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HUNGARY BIRDING TOURS > DETAILED ITINERARY

Hortobágy-Zemplén Spring Tour downloadable itinerary

Day 1. The journey time from Budapest airport to our hotel in the heart of the Hortobágy National Park is around three hours. We shall arrive in time for some initial exploration of the superb grassland and wetlands.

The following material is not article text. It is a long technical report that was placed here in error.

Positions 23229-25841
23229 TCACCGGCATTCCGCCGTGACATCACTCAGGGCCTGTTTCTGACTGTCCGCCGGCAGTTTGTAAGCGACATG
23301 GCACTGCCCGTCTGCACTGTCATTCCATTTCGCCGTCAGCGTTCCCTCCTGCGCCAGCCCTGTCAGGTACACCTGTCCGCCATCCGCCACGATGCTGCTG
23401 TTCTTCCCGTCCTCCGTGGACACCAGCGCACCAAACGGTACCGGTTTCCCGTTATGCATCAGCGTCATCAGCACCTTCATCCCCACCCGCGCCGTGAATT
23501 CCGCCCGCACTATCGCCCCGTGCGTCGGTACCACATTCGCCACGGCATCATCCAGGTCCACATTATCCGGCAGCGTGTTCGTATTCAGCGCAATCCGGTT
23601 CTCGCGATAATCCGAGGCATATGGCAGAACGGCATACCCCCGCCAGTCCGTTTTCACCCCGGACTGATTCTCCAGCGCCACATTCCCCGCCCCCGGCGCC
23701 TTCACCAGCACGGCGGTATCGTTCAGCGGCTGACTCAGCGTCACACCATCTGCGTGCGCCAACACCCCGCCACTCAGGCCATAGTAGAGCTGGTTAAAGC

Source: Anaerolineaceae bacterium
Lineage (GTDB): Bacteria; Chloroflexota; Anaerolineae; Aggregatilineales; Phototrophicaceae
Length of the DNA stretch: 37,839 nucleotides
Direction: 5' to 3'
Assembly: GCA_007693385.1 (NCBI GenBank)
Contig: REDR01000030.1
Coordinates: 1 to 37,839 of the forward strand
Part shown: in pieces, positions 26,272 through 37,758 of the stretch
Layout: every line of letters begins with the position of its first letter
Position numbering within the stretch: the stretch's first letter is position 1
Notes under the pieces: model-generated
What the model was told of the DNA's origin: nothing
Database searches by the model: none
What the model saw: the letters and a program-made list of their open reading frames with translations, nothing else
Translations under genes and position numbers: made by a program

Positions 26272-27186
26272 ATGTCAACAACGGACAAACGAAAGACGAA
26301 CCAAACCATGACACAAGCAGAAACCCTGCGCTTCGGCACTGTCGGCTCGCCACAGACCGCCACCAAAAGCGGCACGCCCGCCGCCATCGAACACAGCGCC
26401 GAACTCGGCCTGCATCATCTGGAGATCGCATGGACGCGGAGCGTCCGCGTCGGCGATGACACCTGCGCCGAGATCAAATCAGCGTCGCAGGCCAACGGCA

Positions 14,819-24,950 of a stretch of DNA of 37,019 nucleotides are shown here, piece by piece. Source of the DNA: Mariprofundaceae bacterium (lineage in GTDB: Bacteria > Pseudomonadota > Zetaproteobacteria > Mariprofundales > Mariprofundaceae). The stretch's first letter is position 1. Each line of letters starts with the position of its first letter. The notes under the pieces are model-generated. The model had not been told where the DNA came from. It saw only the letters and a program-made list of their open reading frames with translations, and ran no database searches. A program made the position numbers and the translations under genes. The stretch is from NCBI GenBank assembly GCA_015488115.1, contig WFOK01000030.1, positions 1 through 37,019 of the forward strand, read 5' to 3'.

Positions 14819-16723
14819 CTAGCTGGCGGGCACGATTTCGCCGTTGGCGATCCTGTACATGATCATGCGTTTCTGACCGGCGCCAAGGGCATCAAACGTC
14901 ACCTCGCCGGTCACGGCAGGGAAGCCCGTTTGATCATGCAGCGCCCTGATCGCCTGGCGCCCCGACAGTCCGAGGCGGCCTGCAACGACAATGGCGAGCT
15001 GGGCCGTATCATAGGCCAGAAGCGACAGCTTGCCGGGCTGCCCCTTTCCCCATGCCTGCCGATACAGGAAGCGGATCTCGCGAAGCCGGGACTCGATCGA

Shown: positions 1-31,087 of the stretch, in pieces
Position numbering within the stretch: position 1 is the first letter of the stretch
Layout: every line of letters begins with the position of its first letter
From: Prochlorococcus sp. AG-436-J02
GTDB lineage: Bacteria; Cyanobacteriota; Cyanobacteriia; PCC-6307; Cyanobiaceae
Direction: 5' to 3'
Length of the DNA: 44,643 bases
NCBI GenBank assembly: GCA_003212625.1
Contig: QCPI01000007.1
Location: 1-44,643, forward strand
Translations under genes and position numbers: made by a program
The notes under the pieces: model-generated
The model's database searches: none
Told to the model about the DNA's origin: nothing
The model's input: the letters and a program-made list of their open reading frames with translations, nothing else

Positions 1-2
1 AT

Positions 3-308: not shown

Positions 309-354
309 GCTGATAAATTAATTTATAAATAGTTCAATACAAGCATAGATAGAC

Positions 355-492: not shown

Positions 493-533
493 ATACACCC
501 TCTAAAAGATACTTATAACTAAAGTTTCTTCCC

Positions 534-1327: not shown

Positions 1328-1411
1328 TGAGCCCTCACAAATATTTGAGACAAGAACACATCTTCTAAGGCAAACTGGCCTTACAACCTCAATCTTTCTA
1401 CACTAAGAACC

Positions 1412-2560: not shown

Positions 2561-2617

Day 2-4. Hortobágy has several vast fishpond complexes and is one of the greatest birding Meccas in Europe. We will be sure to visit the best fishponds, which will depend on water levels at the time of the tour, where it is easy to see one hundred bird species in a day. The reeds are alive with birdsong at this time of the year! Great Reed, Savi's and Marsh Warblers are common and even the secretive Moustached Warbler can be found here. Great White Egrets and Spoonbills, Little Egrets, Purple Herons, Night Herons, Squacco Herons, Bittern, Little Bittern and the Glossy Ibis also all inhabit the reed beds. In the noisy cormorant colony we can observe the Pygmy Cormorant, which now numbers over 300 breeding pairs. All three Marsh Tern species are possible at this time of the year, even if the nomadic White-winged Terns are not breeding. There are great flocks of migratory birds on the drained and freshly exposed mudflats and it is an exciting time to look for rarities among the myriads of waterbirds roosting and feeding here. The huge feeding flocks are frequently disturbed by raptors such as White-tailed Eagle, Peregrine or Saker. While exploring the various wetlands we will certainly see Bearded and Penduline Tits and singing Bluethroats are also common. Magnificent males of Great Bustards are active in the early hours of the day, with their females already on their nests. Hungarian Grey Long-horned Cattle and the strange Racka Sheep with their long twisted horns can be seen on the grasslands, recalling the atmosphere of the Asian steppe. In the southern part of the national park breeding Montagu's Harrier can be seen while we will make a special effort to find the scarce Stone Curlew which is an obligate breeder of the bare natron soil habitat. On the dirt roads Tawny Pipits run in front of us, calling to announce our presence. Our midday lunch in a restaurant is always a nice way to find some shade from the strong sun for an hour. The sandpits hold a few special breeding birds like Sand Martins and Bee-eaters while Hoopoe and Roller are also relatively common. We visit some other fishponds alive with shorebirds, ducks, terns, egrets, herons and we will search here for Black-necked and Red-necked Grebes as well as Ferruginous Duck. A few of the small Robinia forests host colonies of Rooks and Red-footed Falcons breed in their abandoned nests. Lesser Grey Shrikes have returned to the forest by now and Red-backed Shrikes are everywhere. We will end the day watching a family of Long-eared Owls. The northern part of Hortobágy is a slightly different landscape with the steppe here having more patches of woodland. The grassland is full of sousliks - the favourite prey of Eastern Imperial Eagle, Saker and Long-legged Buzzard. Northern Goshawk and White-tailed Eagles may appear above the forested patches and, with luck, even Lesser Spotted Eagle. We will also visit the Dinnyés-lapos man-made wetland, where Common Cranes are present almost throughout the year.